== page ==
Trading Off Power And Performance


By Ann Steffora Mutschler
There is no shortage of opinions when it comes to the topic of performance and power tradeoffs. From abstracting the task from engineers to process considerations, engineering teams have a number of tools and approaches at their disposal to make the optimal design choices for their application.

Take the MCU application space for instance. Ken Dwyer, director of applications for the MCU business line at NXP explained that for its new family of ARM Cortex M0+ MCUs (LPC800) there is a target to reduce the active current from generation to generation on these parts. “We set targets that are somewhat realistic and aggressive and do a lot of work to get the microamps/megahertz down below 100. Our next target is 70 microamps/megahertz. It’s not just the core, it’s the analog, the SRAM, the flash and all that, and how they interact with each other on the system. There are always innovative ways to reduce it and we are always trying new techniques to make that happen.”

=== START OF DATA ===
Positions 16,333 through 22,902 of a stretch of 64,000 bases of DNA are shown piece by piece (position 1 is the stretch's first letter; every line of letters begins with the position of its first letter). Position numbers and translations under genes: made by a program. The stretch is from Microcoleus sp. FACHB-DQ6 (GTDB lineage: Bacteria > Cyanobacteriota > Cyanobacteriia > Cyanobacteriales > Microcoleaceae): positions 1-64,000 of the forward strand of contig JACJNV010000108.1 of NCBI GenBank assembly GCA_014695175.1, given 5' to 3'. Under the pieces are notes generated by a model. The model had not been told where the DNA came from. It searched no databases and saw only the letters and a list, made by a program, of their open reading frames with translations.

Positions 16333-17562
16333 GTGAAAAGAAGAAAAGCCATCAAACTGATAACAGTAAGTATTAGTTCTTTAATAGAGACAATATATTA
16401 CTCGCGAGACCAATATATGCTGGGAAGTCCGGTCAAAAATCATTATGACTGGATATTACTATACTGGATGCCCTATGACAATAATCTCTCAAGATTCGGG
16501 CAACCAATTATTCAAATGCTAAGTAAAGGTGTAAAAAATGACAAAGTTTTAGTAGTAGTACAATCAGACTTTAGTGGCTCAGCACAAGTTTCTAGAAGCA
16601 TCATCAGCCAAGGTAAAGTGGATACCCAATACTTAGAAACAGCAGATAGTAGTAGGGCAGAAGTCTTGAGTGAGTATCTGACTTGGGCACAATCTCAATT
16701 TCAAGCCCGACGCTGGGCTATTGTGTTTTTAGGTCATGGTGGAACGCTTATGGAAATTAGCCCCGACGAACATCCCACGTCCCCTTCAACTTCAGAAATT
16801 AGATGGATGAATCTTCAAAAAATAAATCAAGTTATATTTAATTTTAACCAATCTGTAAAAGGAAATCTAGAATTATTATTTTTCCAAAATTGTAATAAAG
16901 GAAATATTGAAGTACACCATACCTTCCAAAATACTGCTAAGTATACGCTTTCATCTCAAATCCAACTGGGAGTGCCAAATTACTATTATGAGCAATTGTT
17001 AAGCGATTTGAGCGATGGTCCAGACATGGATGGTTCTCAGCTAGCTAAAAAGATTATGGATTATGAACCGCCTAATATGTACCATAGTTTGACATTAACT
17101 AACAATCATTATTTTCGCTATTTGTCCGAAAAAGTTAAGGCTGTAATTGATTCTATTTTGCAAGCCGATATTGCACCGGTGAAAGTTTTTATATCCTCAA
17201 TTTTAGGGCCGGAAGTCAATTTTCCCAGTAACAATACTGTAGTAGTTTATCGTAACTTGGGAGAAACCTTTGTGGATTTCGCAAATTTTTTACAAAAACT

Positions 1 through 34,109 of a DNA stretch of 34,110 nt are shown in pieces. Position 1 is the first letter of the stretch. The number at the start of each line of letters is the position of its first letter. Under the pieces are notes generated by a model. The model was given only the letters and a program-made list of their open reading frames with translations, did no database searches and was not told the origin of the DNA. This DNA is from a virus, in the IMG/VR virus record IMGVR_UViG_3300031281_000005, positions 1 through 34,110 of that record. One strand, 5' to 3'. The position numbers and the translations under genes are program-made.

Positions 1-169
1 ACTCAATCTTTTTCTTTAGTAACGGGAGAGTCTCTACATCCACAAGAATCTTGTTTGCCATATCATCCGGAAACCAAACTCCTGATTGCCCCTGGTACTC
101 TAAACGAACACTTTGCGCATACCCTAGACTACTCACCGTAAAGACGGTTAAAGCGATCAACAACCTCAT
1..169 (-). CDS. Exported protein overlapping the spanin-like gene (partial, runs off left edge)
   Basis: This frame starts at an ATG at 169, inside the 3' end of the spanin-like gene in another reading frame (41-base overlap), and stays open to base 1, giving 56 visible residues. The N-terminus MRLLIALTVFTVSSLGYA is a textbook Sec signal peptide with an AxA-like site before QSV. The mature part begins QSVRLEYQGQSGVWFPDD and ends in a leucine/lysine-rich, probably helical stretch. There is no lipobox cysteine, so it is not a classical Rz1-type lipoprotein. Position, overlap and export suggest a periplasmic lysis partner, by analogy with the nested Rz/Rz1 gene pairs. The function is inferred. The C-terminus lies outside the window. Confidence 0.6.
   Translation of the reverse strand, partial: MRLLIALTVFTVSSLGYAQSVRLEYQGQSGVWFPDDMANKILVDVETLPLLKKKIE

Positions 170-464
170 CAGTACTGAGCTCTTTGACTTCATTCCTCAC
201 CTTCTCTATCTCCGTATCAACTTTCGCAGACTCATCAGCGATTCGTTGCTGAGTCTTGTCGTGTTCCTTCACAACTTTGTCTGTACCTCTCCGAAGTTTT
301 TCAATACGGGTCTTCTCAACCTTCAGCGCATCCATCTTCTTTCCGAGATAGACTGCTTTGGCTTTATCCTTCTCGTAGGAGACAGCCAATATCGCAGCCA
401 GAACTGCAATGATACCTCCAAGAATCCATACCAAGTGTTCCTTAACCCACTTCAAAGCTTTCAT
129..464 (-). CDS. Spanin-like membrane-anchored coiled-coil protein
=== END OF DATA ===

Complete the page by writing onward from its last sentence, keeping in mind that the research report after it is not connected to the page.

He pointed out the customer doesn’t necessarily see that in the user’s manual or in the register set that allows them to achieve this, because it is actually part of the nature of the silicon. “Some people might say, ‘You can use this register and reduce power even more.’ That is the case in some situations, but there’s also stuff done inside you cannot control that’s automated.”

For example, in the case of clock gating, which is well understood, NXP takes it up a notch, Dwyer explained. “When a peripheral is being used on an ARM system there is a thing called an AHB or APB—these are advanced IC buses and peripheral buses—and interconnect to them is well understood and well defined. Just turning off a clock to the peripheral is one way of saving power, but then if you have that peripheral being used that you can actively enable and disable while you are using it, you can save even more power.”